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Diamonds Are Highly Coveted by Millennials and Gen-Z, NDC Study Finds

They’re ‘the most highly desired and tangible luxury good.’




NEW YORK — Diamonds are high on the wish lists of Millennials and Generation Z members, according to new research from the Natural Diamond Council.

The council conducted broad diamond desirability research through 360 Market Reach in the final quarter of 2020 among 5,000 respondents between the ages of 18 and 39. The analysis shows diamond jewelry leading as the most highly desired and tangible luxury good overall (after being prompted with nine luxury items to choose from if money were not a concern). Vacations were the only luxury items ahead of diamond jewelry for both generations. Respondents also largely attribute their affinity for diamonds to uniqueness as 70 percent agree natural diamonds are “one of a kind.” Another area of value for respondents was the symbolism diamonds carry for love and connection.

Both Millennials and Gen-Z buy natural diamonds jewelry for themselves and others as gifts. One in five respondents had made a luxury jewelry purchase within the last 24 months where half of those included natural diamonds. Half of these natural diamond jewelry purchases were made for themselves which was largely driven by female consumers (72 percent). The women cited design as the most important value when making the purchase for themselves after versatility and long-term style and value.

Almost 80% of purchasers had bought diamond jewelry as a gift in the last 24 months. This was largely led by men, often gifting significant others. Women said they purchased diamond gifts for their mothers, children, and sometimes their significant other. The leading reason for gifting diamonds across groups was for their lasting value. While the majority of diamond jewelry purchases were mostly centered around a life event or occasion, approximately 25 percent of purchases were for no specific reason. The future for fine jewelry purchasing is optimistic as 37 percent of respondents intend to buy fine jewelry in the next 12 months and 27 percent expect to receive it. 20 percent of these respondents say they will either definitely or probably purchase natural diamond jewelry specifically and 12 percent claim they expect to receive it as a gift. These future purchases will largely be affected by social media platforms where Millennials and Gen-Z often obtain shopping inspiration.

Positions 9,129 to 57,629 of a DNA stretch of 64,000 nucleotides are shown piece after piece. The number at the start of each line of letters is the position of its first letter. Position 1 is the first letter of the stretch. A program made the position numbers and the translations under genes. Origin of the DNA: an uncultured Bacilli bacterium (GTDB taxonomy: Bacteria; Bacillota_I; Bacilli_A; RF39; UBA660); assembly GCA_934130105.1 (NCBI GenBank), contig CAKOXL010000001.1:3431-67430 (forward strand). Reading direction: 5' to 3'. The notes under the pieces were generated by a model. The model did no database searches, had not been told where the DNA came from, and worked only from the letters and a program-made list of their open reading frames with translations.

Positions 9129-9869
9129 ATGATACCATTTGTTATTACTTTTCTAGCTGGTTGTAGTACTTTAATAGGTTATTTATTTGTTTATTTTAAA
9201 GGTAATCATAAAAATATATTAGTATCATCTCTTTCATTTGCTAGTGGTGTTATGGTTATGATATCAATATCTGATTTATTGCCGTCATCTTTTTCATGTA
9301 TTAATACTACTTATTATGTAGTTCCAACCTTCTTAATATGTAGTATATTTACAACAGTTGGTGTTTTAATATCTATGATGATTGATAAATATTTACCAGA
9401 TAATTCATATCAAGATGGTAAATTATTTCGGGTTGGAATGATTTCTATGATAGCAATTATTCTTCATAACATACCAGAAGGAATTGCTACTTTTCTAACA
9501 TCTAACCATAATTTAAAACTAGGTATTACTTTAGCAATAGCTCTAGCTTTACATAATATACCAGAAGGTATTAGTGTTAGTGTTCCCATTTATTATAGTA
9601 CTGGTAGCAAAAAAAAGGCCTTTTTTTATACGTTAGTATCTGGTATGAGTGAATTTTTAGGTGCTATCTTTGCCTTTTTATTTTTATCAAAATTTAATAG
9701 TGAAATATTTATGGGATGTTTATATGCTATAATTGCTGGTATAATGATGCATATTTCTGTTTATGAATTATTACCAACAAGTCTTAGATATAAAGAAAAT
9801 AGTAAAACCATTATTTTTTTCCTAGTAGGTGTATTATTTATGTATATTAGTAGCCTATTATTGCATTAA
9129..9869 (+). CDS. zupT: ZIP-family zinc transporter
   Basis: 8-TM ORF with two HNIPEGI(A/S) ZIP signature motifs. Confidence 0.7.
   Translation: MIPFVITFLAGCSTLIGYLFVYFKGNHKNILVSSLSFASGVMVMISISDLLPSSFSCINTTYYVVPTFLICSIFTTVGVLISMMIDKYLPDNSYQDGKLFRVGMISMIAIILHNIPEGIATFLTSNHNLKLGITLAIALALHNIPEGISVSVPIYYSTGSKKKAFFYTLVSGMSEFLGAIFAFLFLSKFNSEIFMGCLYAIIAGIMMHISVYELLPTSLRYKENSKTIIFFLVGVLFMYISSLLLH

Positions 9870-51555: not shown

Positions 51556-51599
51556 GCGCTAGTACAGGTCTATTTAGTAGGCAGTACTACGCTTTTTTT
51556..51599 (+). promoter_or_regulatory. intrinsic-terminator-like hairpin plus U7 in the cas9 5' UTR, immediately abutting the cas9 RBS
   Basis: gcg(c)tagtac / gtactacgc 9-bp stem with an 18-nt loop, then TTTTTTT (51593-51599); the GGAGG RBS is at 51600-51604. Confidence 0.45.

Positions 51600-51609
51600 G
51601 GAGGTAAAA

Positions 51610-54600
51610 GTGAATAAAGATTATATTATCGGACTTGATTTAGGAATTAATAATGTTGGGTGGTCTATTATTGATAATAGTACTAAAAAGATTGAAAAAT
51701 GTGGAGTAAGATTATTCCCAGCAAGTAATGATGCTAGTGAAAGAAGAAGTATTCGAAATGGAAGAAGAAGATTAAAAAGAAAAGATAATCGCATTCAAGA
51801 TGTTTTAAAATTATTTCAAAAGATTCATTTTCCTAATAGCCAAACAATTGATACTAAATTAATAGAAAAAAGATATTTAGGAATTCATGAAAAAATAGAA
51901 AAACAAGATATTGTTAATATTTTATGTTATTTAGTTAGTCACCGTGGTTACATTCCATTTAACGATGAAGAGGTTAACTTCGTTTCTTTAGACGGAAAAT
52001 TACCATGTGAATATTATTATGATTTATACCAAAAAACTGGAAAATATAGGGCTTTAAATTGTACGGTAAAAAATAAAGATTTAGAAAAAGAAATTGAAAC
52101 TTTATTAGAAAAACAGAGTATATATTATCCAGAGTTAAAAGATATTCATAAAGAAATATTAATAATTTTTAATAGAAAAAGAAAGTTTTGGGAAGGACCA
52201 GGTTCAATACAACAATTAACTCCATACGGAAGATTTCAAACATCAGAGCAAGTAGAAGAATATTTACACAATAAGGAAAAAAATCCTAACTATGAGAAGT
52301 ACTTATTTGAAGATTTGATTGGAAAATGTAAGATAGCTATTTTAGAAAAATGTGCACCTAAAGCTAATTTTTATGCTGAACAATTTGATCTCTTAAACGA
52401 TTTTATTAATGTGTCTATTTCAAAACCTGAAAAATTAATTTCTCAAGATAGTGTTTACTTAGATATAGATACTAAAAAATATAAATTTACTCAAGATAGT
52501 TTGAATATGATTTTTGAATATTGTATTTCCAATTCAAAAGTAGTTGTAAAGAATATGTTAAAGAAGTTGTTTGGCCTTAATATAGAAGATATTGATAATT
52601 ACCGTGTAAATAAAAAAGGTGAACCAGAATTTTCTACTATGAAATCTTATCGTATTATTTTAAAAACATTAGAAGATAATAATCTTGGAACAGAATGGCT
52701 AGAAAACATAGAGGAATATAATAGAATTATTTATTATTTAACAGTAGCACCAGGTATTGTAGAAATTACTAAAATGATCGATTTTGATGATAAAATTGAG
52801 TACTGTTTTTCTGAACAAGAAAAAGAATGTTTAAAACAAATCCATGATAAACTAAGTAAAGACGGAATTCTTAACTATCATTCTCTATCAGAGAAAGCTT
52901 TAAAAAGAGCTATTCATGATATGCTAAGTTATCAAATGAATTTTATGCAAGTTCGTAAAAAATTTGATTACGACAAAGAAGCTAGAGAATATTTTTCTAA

The analysis reveals further that consumers very commonly research diamond jewelry before making a purchase. Consumers sought out four to five retail touch points on average beforehand. Most of this research was conducted online at 2.6 touch points being online and two being in-person. Sixty-six percent of respondents compared pricing online, 26 percent looked for social media advice and inspiration and 24 percent read articles for tips. Ninety-six percent of the cohort is active on social media where 36 percent of respondents said they would consult social media platforms for ideas and advice prior to purchasing diamond jewelry. Most of the actual purchases occurred in-store, but 28 percent were made online in the last 24 months. Of the retail purchases, most were made at independent jewelry stores rather than nationally known jewelry stores.

Natural Diamond Council conducted this survey to track the desirability of diamonds and reinforce the sustainability of the category. Consumer focus on items that carry emotional symbolism and value is heightened during this period as the country continues to endure the effects of the pandemic. The results show Millennials and Gen-Z both have a strong relationship to diamond jewelry where it is an inspirational luxury good, high on their wish lists.


For a full analysis of the report, click here.



When There’s No Succession Plan, Call Wilkerson

Bob Wesley, owner of Robert C. Wesley Jewelers in Scottsdale, Ariz., was a third-generation jeweler. When it was time to enjoy life on the other side of the counter, he weighed his options. His lease was nearing renewal time and with no succession plan, he decided it was time to call Wilkerson. There was plenty of inventory to sell and at first, says Wesley, he thought he might try to manage a sale himself. But he’s glad he didn’t. “There’s no way I could have done this as well as Wilkerson,” he says. Wilkerson took responsibility for the entire event, with every detail — from advertising to accounting — done, dusted and managed by the Wilkerson team. “It’s the complete package,” he says of the Wilkerson method of helping jewelers to easily go on to the next phase of their lives. “There’s no way any retailer can duplicate what they’ve done.”

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